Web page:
VIMAL SUMBLY, Press Secretary to the PCC President, Chandigarh.

Coalition compulsions

On the Prime Minister Manmohan Singh’s interaction with editors of the electronic media in New Delhi although the editorial “Pushed hard by scams” (Feb 17) has rightly opined that he is fighting a tough battle in the wake of a spate of scams, corruption scandals and issues arising from governance and ethical deficits, policy muddles, and coalition woes rocking his government in recent months. But it is not convincing at all that by responding to questions with his characteristic candour and earnestness, Dr Singh has indeed re-established his credentials as a well-meaning leader. There is no denying the fact that the coalition compulsions made his party accept its ally’s choice of Cabinet Ministers and presumably their ways which amounts to evading the key issue of prime ministerial accountability. The only aspect to which he made repeated allusion were the compulsions of a coalition government and the refrain of his excuses was that he was under the compulsions of a coalition culture.

Now the honest taxpayers’ vital question is: “Was saving his coalition government more important than the interest of the nation and its hard-earned Rs 1.76 lakh crores? Is this “raj dharma?” Every elected member of Parliament or member of a Legislative Assembly ought to remember that she /he is solely answerable to the citizens of India, and not to any party or its leaders.  Of course, the nation, too, has learnt a lesson. The bitter lesson is that coalition governments should be avoided as far as possible. Our progress has been arrested and our unity and integrity undermined ever since we opened the option of coalition government at the Centre and the states. The mainstream parties have to double their effort to see that they win sizeable majority in future elections. Voters have to understand the real value of their vote.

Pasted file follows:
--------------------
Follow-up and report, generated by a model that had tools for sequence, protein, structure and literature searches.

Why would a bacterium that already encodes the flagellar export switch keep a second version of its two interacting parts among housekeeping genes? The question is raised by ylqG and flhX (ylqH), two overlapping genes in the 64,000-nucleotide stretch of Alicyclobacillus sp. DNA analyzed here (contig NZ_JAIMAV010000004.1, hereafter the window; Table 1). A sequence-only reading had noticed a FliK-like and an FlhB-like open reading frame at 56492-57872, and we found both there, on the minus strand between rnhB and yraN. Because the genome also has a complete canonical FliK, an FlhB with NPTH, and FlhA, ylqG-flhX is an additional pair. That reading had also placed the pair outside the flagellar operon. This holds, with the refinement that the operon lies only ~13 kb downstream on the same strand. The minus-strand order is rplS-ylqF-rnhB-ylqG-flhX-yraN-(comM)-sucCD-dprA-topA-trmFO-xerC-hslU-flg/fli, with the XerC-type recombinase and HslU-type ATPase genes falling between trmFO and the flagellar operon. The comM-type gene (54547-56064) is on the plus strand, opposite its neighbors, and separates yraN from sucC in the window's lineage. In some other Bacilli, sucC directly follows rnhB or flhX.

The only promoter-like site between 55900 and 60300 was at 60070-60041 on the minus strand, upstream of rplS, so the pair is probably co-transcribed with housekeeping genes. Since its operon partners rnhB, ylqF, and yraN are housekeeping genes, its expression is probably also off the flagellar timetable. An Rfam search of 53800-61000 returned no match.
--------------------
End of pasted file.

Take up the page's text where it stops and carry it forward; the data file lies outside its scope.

DILBAG RAI, Chandigarh

No more macho

It is really shocking that our new generation Punjabi male is losing his vigour (news report, “Sperm shock for young, macho Punjabi” by Anshu Seth, Feb 17). Declining sperm count is due to drug abuse and alcoholism. It seems a day will come soon when sperm count test will become mandatory before a marriage. There is an urgent need to save the new generation from drugs.


Joy of comics

The news report “Comics can mean serious business”(Feb 20) was delightful. It is heartening to note that the Indian Comic Con got unexpected response from lovers of comics.

In today’s fast-paced world, kids have almost forgotten the charming world of comics. Video games, play stations, costly toys take much of their attention. The good old comic books seem to have been relegated to some old corner of the house.


Sycophants galore

The editorial “Maya memsaheb; Sycophancy is an odious “democratic” practice” (Feb 10) has rightly thrown light on the disgusting act of sycophancy. It has acquired new connotations in the context of Indian polity. It is perhaps the lack of faith in the system that promotes sycophancy.